I guess most people want to know What are the risks and what can we do about them? Apart from staying at home and not going fishing that is. Since just my personal experience was sufficient to answer this, I undertook some research, and ran a short survey (100 anglers) and I have based this short blog on the results of both.
How venomous are Australian snakes?
Australia’s snakes are very venomous: Australia has the eleven most venomous snakes in the world. [ref. 1] Of these the ones that may live near our trout streams (TAS, VIC, NSW) are: Eastern Brown Snake (2), Tiger Snake(4), Black Tiger Snake (5), Gwardar or Western Brown Snake (9), Copper Head(11) and Mulga or King Brown(20), Red Bellied Black Snake(21). Note the figure in bracket is how they rank in venom toxicity.
Prior to the development of anti-venom therapy less than 10% of brown snake bites were fatal but nearly 50% of all tiger snake bites were fatal. [ref 2.] Brown snake venom is very toxic and fast acting, so it would seem other factors preventing envenomation may have contributed to the lower death rate. For envenomation to occur, the fangs must penetrate skin, and the snake inject/exude venom. Tiger snake fangs can be up to 3.5mm ( between 1/8 and 9/64 of an inch) and Eastern Brown snakes have fangs up to 2.8mm ( about 7/64 of an inch). [ref. 2].
The good news is that since the development of anti-venom, there have been very few deaths in Australia (4-6) per year. [ref. 3] . However it is important to know how to treat a bite, and to get medical assistance as soon as possible.
How likely are they to bite us ?
The Eastern Brown Snake is fast moving, and often aggressive, and is responsible for the majority of snake bites in Australia. Mainland tiger snakes are responsible for the second-highest number of bites in Australia, while the Red Bellied Black Snake, and Copper Head Snakes are usually less aggressive, and normally escape from human’s if possible. The King Brown Snake is not found in Tasmania or Victoria, and whilst reputably less aggressive and venomous than Brown and Tiger snakes, they can inject a large amount of venom in a single bite.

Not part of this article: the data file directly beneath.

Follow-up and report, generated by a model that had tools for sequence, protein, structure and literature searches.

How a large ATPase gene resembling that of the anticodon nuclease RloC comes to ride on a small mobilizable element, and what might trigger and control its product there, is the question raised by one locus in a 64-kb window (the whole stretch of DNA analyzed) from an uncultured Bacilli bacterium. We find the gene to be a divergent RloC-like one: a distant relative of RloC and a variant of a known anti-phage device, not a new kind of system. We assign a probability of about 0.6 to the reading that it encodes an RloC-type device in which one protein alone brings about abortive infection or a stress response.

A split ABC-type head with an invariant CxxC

However, in Australia, according to Bryan Fry, an Associate Professor, herpetologist and venom expert at the University of Queensland: “Snake bites are very, very rare and often the fault of the person being bitten. Most bites occur when people are trying to kill a snake or show off.” [ref. 4]
The Survey (100 Anglers)
How likely are we to encounter a snake ?
99 out of 100 respondents have seen snakes while fishing. The frequency of snakes varies by location but a third of respondents, see snakes more than half the times they go fishing. So un surprisingly, you are almost guaranteed to see a snake if you regularly fish for trout.
What type of snakes do you encounter?
87% of respondents have seen tiger snakes, 50% have seen copper heads, 40% have seen red belly black snakes and brown snakes. Interestingly (white lip/whip snakes are regularly seen in Tasmania).
How likely are they to bite us ?
Seventeen of the one hundred anglers surveyed have had a snake strike them (fourteen on the lower leg, one on the upper leg and two on the hand or forearm). Of these seventeen, three were struck on bare skin. Those struck on the leg all reported to having stepped on or near the snake without seeing it initially, and all except one were wearing some protection on their legs.